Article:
From the perspective of General Fund spending on transportation, the budget approved by the Senate is identical to that passed by the House. Both proposals would devote $1.86 million in General Funds to the Department of Transportation — about $360,000 more than the agency is expected to spend in the current biennium. The additional funds would principally be used to bolster the Division of Aeronautics, Rail, and Transit.
However, from the standpoint of financing transportation programs and services generally, the Senate’s version of the budget diverges markedly from the House’s approach. As adopted by the House, the FY 14-15 budget contained provisions that would raise New Hampshire’s gas tax from 18 cents per gallon to 30 cents per gallon by 2015 and would bring the tax on diesel fuel to that same rate by 2018. Such changes would generate close to $90 million in additional revenue over the course of the next two years; that revenue, in turn, would accrue to the Highway Fund and would be devoted to “the construction, reconstruction, and maintenance of state and municipal roads and bridges.” The Senate elected to remove those provisions, keeping the state’s gas tax at the same level it has held for more than two decades.
Health and Social Services
The Senate has proposed General Fund appropriations for health and social services in the FY14-15 budget totaling $1.345 billion, a $35 million increase – or a 3 percent difference – from the House’s recommendations. Of note, the Senate’s General Fund appropriation for this category in the coming biennium is a 7 percent increase over actual and adjusted expenditures for FY12 -13, but remains lower than FY 10-11 appropriations by 12 percent. While the Senate left undisturbed most of the programs that have been subjected to several years of spending cuts, it would significantly change the distribution of uncompensated care funds. Moreover, the Senate has completely stripped provisions out of the budget that would have extended Medicaid coverage to low-income adults as made possible by the Affordable Care Act. The Senate opted instead to make the process to change Medicaid eligibility more cumbersome than it currently is and to mandate another study of the effects of accepting federal dollars to reduce the number of uninsured in New Hampshire.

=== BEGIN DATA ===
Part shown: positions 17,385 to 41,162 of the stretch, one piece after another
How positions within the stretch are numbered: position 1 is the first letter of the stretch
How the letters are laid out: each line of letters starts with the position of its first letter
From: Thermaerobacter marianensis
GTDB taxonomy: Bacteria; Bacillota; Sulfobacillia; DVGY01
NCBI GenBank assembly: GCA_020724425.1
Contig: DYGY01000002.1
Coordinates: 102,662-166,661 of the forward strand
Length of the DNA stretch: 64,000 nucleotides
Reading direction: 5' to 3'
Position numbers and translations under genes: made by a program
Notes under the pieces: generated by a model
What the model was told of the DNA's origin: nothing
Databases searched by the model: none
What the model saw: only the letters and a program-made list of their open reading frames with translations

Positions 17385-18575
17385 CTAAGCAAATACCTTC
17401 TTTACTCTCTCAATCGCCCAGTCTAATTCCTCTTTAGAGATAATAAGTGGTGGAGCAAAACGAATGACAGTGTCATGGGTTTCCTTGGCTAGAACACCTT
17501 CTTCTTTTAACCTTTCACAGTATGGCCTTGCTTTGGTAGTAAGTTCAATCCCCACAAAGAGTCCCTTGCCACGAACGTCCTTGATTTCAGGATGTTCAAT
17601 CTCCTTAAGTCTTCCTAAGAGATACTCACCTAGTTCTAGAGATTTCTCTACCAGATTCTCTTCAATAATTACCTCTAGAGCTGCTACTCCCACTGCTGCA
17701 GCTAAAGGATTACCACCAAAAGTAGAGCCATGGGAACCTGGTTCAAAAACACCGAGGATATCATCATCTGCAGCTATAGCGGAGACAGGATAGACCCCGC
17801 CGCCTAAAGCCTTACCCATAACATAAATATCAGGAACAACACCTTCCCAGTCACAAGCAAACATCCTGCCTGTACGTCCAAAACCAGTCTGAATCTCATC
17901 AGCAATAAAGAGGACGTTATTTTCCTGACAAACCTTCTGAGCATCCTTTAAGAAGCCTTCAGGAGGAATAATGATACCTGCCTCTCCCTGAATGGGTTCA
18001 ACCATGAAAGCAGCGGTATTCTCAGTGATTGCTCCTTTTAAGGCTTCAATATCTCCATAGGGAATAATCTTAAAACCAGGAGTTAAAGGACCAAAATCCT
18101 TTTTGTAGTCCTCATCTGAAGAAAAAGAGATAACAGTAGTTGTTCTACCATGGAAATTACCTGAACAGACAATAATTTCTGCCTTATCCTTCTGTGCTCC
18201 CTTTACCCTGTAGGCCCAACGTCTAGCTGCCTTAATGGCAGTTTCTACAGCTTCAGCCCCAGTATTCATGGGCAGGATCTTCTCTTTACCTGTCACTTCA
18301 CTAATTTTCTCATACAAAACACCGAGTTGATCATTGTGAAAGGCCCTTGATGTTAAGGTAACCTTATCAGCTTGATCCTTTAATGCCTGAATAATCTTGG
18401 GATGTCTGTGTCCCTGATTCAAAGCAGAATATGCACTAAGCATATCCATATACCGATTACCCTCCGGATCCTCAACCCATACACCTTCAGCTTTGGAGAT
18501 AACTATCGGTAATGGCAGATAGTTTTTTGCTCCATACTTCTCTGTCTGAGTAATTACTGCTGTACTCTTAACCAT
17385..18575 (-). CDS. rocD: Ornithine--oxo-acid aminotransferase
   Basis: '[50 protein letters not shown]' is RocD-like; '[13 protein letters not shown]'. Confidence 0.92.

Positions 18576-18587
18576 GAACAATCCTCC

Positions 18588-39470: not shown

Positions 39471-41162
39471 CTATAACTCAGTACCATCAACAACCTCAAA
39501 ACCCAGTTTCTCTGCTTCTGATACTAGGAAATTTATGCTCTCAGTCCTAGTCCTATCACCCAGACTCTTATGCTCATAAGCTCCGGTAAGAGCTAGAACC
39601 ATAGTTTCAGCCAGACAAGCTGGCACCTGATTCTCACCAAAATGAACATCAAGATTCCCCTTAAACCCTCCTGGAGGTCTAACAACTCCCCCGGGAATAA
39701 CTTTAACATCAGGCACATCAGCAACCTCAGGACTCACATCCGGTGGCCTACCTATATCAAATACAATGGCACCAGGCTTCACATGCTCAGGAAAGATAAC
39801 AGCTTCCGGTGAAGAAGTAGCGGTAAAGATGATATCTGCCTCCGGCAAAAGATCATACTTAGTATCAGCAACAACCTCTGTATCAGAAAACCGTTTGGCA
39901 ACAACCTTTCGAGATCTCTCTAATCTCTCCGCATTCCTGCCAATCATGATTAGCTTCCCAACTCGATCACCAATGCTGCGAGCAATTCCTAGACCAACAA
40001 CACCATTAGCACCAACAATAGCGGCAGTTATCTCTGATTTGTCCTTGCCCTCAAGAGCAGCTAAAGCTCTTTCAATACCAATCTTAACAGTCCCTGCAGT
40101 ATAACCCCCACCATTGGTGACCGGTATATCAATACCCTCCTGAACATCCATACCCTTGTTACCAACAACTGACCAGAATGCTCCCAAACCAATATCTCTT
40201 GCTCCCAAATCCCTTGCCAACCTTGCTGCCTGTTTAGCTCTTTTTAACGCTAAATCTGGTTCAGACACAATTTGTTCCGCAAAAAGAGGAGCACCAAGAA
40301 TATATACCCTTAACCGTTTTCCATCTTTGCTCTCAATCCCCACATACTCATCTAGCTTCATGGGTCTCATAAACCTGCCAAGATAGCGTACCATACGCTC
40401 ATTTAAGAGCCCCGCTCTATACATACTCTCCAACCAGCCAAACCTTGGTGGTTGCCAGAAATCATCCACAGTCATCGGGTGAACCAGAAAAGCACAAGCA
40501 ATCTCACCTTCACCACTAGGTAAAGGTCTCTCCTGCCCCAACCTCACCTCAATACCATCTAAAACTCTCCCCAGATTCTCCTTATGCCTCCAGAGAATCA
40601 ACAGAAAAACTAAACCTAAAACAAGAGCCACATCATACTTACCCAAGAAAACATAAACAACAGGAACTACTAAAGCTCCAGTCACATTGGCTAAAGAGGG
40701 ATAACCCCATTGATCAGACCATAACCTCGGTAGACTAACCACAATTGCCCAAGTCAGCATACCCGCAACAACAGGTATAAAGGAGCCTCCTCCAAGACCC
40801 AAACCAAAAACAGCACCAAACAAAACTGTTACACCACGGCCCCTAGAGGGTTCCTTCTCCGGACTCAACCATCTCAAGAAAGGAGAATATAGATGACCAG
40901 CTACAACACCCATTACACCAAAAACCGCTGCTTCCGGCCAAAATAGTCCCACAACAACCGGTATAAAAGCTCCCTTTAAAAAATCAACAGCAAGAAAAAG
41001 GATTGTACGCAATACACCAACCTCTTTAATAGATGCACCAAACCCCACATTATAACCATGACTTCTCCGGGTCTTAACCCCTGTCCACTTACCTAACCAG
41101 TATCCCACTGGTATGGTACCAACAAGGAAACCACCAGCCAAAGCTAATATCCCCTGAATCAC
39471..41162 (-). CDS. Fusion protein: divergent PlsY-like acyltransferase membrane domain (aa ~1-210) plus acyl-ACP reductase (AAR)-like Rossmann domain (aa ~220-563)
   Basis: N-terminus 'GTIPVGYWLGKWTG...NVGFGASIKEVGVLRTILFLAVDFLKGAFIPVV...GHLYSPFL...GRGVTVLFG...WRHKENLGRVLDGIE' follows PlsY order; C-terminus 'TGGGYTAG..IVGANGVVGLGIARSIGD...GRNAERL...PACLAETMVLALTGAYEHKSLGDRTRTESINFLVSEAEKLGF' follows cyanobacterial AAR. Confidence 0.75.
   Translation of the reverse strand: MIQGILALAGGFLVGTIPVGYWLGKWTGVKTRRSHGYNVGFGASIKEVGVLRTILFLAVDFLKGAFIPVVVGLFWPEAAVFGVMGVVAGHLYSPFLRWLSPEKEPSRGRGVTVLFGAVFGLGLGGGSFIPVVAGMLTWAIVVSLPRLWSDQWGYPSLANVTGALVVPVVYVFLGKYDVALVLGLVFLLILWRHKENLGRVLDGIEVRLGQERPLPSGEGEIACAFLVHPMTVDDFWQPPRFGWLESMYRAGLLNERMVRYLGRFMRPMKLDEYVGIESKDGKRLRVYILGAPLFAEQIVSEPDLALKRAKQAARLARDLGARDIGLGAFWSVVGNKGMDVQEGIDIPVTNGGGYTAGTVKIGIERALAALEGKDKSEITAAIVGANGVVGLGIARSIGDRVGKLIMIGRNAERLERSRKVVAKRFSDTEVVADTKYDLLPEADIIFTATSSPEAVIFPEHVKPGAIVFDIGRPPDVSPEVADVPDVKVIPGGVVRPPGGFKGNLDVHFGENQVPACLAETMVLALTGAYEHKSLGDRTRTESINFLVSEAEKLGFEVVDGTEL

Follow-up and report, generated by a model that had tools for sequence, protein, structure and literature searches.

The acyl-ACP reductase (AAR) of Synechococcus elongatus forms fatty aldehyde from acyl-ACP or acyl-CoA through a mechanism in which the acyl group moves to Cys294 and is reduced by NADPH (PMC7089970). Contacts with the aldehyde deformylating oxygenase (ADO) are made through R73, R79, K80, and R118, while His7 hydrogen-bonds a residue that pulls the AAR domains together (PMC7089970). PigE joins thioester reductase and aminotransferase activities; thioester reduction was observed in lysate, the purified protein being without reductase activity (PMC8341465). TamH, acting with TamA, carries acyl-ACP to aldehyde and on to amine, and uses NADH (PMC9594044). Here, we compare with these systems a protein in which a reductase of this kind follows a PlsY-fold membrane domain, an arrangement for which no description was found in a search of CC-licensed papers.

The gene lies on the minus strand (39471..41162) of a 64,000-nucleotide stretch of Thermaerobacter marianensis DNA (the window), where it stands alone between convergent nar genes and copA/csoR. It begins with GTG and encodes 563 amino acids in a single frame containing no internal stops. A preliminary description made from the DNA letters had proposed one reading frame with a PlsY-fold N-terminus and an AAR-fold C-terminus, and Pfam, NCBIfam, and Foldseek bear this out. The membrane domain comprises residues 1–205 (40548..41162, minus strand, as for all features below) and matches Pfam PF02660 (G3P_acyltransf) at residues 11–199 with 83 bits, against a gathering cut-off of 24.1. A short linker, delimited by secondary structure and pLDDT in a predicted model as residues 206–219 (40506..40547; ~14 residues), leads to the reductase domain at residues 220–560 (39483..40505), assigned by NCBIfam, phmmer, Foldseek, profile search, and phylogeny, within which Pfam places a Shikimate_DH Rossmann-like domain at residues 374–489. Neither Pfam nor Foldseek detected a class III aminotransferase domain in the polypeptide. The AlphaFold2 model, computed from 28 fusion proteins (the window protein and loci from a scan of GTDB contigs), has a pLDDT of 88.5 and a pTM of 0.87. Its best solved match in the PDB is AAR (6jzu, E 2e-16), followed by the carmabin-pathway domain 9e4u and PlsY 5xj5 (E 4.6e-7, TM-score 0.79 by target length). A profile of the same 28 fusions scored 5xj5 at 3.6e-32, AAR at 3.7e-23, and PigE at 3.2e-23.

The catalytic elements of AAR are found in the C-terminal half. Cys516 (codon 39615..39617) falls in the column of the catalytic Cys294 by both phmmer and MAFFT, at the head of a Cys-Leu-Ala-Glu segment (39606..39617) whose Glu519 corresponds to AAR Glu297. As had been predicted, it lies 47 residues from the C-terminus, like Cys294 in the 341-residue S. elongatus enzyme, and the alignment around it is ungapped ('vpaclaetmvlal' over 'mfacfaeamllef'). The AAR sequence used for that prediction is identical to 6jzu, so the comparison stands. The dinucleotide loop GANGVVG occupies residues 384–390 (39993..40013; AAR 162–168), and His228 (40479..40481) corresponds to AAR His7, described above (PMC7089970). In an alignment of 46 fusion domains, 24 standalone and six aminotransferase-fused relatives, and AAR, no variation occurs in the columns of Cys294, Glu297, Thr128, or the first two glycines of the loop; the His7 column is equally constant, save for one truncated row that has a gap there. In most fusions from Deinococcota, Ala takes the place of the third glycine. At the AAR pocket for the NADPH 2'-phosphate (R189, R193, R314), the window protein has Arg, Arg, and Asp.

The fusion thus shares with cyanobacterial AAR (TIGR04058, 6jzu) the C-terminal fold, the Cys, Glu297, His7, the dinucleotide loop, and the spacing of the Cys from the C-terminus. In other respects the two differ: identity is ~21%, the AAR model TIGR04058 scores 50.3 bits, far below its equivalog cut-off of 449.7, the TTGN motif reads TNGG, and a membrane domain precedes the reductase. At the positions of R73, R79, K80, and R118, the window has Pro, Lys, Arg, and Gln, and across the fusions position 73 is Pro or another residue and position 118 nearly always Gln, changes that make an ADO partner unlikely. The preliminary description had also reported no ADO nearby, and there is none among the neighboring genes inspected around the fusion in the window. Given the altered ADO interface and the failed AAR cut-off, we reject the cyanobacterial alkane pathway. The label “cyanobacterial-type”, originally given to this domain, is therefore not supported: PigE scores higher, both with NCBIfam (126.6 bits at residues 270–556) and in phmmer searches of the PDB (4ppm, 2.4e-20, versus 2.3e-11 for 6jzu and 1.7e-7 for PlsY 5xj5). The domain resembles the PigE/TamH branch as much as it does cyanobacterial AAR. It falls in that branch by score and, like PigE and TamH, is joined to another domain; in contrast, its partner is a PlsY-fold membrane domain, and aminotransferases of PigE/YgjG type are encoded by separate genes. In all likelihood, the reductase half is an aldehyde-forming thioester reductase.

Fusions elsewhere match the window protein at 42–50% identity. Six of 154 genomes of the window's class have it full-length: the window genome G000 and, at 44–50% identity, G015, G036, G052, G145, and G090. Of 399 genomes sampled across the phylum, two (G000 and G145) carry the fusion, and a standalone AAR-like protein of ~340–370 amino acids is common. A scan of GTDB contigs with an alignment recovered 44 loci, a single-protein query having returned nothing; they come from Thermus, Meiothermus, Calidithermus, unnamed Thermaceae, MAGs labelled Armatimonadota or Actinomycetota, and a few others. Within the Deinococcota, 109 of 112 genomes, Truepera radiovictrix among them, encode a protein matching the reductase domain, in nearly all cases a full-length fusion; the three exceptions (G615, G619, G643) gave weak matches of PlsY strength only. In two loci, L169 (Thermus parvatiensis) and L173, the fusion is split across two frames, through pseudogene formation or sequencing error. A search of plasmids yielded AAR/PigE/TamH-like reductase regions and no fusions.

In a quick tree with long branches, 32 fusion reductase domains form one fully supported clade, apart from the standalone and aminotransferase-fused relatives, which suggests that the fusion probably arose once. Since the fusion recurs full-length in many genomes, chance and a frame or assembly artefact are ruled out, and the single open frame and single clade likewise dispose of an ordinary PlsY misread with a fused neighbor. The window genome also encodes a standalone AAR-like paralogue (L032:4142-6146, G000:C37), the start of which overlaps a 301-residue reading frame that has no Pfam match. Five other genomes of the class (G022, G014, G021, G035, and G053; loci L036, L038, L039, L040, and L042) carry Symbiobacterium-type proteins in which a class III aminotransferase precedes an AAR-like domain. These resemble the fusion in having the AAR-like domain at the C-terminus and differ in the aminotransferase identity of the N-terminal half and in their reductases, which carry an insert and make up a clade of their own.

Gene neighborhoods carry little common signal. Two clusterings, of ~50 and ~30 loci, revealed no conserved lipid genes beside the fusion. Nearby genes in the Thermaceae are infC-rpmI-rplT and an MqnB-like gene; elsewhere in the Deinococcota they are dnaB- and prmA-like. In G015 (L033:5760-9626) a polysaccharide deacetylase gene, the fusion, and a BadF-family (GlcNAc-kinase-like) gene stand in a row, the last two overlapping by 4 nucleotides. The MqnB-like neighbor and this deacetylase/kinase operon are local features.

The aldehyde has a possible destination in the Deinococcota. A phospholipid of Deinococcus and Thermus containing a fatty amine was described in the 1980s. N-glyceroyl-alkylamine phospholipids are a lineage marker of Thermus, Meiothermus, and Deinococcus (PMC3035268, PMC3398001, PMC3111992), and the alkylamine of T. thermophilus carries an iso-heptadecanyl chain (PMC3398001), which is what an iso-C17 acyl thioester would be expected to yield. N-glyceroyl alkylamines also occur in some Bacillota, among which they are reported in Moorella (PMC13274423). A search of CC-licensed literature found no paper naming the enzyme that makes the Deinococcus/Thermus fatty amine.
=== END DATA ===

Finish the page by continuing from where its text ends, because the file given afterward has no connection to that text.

Change in Uncompensated Care Funds
The Senate would reduce the House’s FY14-15 General Fund budget recommendation for uncompensated care by $87 million, from $164 million to $77 million. To provide hospitals with some financial relief for uncompensated care – losses related to care for the uninsured and for Medicaid members – New Hampshire participates in a federal matching program called the Disproportionate Share Hospital program (DSH). Through DSH, New Hampshire receives one dollar in federal funds for every dollar the state contributes toward hospitals’ uncompensated care costs. Excluding the current budget, over the last 10 years, the state has provided approximately $150 million to $250 million non-federal dollars for uncompensated care every biennium and has successfully drawn down an additional $150 million to $250 million in federal aid. Together, these funds are paid to the state’s hospitals. The DSH program historically had been funded by half of the revenues produced by the Medicaid Enhancement Tax (MET); the other half of the MET was traditionally deposited in the General Fund. The MET distribution changed dramatically in the FY12-13 budget, which sent only $50 million of MET revenue to uncompensated care and only after appropriations were made for Medicaid provider payments and the General Fund.